There are still several questions concerning the use of MSCs: their immunomodulation mechanism has not yet been completely understood and the combined results of this therapy require a better scientific clarification. The use of allogeneic vs. autologous MSCs therapy might contribute to the differences in efficacy observed in some clinical trials. On the other hand, the in vitro expansion of MSCs before clinical usage might take weeks before it provides enough cells to administrate with therapeutic effect, resulting in loss of stemness [82].

In fact, different routes of administration result in different risks for the patient. Systemic administration can lead to the entrapment of MSCs in the microvasculature or lung, causing dangerous side effects for the patient, such as pulmonary emboli [12]. Also, these cells, once administered, are almost 90% lost because of physical stress, inflammation, hypoxia, or immunogenic rejection. To reach therapeutic efficacy, a large number of cells may be required, increasing the potential risk of teratoma formation. Therefore, new studies should be carried out in order to define the minimum therapeutic dose of MSCs [12].

In order to overcome these obstacles to treatment, careful evaluation of appropriate cell sources, good quality control systems, standardized protocols for cell culture and their differentiation, expansion and cryopreservation are necessary. Therefore, the regulation mechanism of MSCs to produce soluble factors and the way these factors are capable of modulating cells of the immune system are key questions that underlie the successful immunomodulation effects of MSCs. All these factors combined with genetically modified MSCs might open a way for the development of an effective cell therapy for multiple animal and human immune disorders.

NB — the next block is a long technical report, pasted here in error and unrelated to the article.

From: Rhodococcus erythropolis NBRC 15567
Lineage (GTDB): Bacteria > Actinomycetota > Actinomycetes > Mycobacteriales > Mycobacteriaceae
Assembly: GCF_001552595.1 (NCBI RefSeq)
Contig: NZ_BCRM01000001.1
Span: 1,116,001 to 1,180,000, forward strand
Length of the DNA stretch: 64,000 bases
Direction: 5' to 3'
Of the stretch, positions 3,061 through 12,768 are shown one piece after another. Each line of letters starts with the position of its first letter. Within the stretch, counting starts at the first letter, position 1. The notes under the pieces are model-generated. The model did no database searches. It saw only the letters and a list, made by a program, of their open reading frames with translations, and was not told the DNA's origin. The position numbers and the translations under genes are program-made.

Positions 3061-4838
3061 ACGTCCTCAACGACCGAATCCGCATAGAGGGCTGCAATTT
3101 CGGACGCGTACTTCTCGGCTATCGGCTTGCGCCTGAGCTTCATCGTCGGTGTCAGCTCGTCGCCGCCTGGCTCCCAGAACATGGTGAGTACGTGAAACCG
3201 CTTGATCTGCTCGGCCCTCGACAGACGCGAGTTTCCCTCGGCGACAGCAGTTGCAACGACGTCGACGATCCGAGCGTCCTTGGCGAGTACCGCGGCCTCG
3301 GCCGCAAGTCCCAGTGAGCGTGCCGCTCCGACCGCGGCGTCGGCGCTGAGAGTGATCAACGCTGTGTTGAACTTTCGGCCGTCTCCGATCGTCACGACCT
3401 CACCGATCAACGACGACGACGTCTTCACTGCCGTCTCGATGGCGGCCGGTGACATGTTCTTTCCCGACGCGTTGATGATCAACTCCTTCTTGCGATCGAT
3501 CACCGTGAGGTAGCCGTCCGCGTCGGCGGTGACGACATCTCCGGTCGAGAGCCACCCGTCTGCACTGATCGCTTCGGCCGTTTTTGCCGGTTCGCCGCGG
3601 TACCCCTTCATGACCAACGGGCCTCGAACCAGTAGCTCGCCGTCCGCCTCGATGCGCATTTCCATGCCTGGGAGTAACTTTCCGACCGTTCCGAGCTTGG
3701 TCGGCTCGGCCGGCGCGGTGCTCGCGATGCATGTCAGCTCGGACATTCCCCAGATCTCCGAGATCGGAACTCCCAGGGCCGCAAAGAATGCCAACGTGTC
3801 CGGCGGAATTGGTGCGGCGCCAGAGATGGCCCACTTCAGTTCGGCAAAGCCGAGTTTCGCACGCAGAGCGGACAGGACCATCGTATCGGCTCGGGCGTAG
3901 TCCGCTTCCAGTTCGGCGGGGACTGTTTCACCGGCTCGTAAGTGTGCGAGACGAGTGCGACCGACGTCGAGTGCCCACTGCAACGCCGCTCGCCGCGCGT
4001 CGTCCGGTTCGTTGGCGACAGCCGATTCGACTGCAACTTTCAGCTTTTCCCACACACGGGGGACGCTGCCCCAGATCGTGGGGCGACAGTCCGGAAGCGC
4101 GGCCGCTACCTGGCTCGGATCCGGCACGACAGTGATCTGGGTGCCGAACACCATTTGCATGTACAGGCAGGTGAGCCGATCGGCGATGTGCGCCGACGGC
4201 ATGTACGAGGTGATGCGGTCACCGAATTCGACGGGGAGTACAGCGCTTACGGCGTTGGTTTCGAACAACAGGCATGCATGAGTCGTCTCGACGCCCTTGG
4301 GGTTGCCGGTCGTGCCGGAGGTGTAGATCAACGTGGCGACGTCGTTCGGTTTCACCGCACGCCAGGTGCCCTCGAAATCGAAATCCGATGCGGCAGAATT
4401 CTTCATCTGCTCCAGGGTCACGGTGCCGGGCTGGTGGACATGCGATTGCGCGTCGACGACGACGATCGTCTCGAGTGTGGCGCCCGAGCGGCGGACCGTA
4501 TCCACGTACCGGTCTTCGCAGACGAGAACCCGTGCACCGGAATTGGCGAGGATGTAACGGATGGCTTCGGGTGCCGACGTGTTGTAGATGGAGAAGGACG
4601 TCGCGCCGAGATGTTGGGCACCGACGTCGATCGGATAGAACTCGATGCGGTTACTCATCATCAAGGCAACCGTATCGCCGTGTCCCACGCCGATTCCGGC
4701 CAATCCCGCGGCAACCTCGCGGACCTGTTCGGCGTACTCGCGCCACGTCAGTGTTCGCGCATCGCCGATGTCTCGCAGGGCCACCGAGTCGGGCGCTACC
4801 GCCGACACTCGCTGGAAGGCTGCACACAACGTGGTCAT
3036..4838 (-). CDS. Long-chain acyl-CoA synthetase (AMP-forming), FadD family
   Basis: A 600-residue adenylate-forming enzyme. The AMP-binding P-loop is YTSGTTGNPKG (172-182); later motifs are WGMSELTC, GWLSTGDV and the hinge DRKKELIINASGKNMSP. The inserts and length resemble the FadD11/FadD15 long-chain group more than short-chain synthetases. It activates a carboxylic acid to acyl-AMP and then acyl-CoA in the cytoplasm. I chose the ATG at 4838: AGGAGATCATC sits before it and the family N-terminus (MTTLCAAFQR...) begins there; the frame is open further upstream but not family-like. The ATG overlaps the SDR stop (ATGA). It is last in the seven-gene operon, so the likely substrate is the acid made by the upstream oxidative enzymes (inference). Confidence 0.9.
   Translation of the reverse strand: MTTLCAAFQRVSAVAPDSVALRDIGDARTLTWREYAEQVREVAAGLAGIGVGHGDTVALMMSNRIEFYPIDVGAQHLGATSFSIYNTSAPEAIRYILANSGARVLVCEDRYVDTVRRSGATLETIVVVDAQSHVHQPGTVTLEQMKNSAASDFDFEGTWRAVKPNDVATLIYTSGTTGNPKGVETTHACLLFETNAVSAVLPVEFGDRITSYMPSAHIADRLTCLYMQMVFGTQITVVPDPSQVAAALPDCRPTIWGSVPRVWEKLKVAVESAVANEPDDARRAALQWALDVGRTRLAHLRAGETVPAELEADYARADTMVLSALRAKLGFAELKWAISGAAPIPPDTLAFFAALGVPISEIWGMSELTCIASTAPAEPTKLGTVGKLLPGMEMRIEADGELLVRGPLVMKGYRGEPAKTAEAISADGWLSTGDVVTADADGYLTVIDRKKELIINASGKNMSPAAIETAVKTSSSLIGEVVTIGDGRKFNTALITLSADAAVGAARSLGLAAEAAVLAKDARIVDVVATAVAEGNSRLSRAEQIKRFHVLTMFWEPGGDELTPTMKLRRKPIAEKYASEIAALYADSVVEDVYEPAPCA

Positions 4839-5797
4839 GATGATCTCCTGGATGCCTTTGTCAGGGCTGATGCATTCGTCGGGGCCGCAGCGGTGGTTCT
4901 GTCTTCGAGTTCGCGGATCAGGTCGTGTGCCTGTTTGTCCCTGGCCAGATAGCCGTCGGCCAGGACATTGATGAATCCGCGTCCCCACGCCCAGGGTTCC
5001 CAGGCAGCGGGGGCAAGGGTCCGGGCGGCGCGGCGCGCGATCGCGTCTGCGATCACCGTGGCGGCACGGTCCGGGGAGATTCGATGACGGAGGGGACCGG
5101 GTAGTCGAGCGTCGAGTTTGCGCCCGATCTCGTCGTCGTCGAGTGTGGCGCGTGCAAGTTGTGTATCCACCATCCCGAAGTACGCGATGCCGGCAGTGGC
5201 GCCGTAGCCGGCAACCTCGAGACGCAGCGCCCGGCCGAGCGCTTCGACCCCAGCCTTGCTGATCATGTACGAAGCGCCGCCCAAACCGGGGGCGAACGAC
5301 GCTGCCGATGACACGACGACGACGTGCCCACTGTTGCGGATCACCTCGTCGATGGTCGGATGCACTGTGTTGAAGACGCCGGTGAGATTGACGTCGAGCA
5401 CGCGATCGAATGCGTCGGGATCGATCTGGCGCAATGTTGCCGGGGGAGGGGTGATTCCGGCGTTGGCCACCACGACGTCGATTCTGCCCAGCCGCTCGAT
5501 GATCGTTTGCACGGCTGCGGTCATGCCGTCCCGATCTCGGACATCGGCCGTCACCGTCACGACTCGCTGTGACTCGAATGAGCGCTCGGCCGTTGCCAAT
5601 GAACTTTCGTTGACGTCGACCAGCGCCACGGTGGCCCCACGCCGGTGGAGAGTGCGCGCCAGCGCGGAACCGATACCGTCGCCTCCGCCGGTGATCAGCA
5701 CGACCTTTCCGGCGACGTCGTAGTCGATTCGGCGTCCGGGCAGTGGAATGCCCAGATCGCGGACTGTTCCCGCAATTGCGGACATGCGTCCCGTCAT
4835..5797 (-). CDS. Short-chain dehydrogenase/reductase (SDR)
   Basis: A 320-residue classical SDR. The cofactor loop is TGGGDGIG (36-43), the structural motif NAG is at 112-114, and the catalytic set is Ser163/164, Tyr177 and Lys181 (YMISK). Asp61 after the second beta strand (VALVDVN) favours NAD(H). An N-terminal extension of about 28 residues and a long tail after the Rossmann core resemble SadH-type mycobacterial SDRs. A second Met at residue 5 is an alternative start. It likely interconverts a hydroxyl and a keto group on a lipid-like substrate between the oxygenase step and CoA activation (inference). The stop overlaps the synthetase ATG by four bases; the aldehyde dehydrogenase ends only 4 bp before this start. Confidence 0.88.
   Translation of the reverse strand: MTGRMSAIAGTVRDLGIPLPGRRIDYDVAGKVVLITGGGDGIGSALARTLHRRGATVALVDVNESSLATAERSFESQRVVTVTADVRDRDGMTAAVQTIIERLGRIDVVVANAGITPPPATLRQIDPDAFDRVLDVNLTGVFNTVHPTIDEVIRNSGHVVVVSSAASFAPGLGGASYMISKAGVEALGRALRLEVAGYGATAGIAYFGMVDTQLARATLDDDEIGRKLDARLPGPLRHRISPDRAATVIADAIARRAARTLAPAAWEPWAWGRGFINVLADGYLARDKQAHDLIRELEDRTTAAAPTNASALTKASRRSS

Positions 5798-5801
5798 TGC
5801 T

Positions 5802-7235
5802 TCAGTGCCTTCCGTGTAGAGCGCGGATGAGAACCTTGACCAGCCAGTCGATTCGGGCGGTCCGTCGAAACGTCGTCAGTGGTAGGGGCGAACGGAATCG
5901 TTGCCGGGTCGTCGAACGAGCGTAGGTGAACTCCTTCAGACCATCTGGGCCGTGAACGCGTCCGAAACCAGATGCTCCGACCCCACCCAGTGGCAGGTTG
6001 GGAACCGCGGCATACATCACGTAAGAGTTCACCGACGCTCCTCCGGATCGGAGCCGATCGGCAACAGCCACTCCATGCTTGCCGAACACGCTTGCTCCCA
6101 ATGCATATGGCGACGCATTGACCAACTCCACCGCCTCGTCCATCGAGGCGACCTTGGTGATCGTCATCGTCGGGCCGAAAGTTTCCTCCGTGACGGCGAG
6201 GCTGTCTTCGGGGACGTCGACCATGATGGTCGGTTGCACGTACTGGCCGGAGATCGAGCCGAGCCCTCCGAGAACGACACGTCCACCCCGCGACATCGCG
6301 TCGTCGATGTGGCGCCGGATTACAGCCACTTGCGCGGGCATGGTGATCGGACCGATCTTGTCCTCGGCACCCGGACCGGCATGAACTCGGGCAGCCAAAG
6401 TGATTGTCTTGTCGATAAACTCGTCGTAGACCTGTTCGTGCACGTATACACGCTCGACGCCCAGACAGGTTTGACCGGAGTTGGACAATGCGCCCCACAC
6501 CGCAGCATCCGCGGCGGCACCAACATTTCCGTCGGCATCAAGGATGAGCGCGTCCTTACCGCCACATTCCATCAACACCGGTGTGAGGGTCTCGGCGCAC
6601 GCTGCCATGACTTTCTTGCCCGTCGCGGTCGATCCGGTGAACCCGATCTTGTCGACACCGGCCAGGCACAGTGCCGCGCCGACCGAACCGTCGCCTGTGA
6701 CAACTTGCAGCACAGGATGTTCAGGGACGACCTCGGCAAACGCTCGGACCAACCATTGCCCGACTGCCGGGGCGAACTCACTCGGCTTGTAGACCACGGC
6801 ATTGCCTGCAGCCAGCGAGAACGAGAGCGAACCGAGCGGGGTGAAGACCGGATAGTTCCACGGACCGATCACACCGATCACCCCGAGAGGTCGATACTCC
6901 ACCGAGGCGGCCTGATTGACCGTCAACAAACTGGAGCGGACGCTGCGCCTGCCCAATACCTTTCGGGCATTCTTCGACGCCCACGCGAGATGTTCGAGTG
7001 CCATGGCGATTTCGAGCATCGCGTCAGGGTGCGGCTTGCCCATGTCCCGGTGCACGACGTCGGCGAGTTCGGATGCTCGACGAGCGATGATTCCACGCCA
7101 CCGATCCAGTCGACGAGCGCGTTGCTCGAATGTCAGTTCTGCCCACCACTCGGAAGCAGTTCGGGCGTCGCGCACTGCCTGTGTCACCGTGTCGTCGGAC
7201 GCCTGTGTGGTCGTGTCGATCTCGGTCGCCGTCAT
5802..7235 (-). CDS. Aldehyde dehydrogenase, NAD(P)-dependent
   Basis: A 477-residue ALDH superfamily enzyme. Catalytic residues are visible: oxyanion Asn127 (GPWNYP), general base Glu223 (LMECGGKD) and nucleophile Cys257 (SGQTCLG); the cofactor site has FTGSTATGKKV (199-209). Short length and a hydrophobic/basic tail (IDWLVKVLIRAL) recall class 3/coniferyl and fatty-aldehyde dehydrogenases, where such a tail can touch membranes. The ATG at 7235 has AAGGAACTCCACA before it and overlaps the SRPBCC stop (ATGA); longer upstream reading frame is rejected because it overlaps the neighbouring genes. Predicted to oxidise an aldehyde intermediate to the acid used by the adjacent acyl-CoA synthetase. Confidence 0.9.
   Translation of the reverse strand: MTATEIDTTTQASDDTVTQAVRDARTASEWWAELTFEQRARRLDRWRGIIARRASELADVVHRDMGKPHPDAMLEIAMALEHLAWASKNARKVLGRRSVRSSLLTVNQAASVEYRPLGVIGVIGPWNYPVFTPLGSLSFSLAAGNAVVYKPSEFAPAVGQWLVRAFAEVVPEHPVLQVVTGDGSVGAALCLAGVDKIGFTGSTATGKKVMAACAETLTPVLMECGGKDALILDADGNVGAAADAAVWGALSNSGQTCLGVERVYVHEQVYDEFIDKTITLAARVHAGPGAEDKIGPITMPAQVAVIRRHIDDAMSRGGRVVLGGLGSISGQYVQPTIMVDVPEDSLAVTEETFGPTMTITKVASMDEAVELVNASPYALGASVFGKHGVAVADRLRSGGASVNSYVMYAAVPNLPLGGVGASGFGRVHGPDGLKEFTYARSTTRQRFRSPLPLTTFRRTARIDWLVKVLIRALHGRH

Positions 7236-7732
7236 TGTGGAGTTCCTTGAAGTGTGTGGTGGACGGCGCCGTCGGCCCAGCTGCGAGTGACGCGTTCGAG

Despite current contradiction found among researchers concerning the efficacy of MSCs, this revision has demonstrated a generally positive result of the use of these cells in the treatment of immune-mediated disorders in veterinary medicine. Even so, MSCs-based therapy is currently requiring, more than ever before, a complete analysis and reconsideration in the hope to overcome its limitations in coming trials. In the future, this approach could be more cost-effective than actual conventional treatments due to the recent development and continuous success regarding MSCs application in immune-mediated diseases.

Conclusions

MSCs immunomodulatory properties make them a unique cell type capable of repairing tissue and organ injuries caused by chronic inflammation or autoimmune disorders.